Trade-secret litigation poses a problem distinct from other types of intellectual property litigation. In litigation over patents, copyrights and trademarks, the asserted intellectual property is publicly filed and its specific contours are clearly identified. Trade secrets, however, by definition are not publicly available. Therefore, a description of the alleged trade secrets at issue in the litigation must come from the plaintiff.
A plaintiff has an incentive to avoid specifically identifying its trade secrets until late in discovery. A defendant, on the other hand, generally wants the plaintiff to identify the alleged trade secrets as early as possible in the litigation and to remain bound to that description. Early identification provides a defendant with notice of the precise claims against it, allows it to prepare an appropriately tailored defense and, most importantly, frames the scope of discovery.
A plaintiff may contend that it cannot identify its alleged trade secrets with particularity until after conducting discovery of a defendant. Unless ordered by a court to provide a specific and complete identification, the alleged trade secrets can become a moving target as plaintiffs seek to avoid getting locked in on what constitutes the trade secrets for as long as possible. Without clearly defined parameters, the parties are forced to engage in wide-ranging discovery. This scenario is exacerbated in cases involving a large volume of electronically stored information and in cases involving software or other complex technology.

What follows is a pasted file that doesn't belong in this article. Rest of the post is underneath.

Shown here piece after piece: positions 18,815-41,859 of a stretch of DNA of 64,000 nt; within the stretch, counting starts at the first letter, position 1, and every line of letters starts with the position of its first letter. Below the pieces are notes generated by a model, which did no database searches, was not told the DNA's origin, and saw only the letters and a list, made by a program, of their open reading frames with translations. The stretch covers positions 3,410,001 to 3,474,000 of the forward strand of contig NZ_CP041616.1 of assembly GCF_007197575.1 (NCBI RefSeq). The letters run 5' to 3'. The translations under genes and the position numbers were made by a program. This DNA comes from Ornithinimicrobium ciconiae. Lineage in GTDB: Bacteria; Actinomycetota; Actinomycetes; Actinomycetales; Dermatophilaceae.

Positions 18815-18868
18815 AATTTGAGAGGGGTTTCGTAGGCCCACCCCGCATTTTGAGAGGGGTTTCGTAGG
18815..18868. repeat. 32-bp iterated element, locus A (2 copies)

As a matter of judicial economy, courts have an interest in the early identification of trade secrets. It would improve case management by focusing discovery, minimize identification disputes during discovery, and provide an earlier opportunity to assess the merits of trade-secret claims. Yet most courts, including Pennsylvania courts, have not articulated a consistent rule on the timing for trade-secret identification.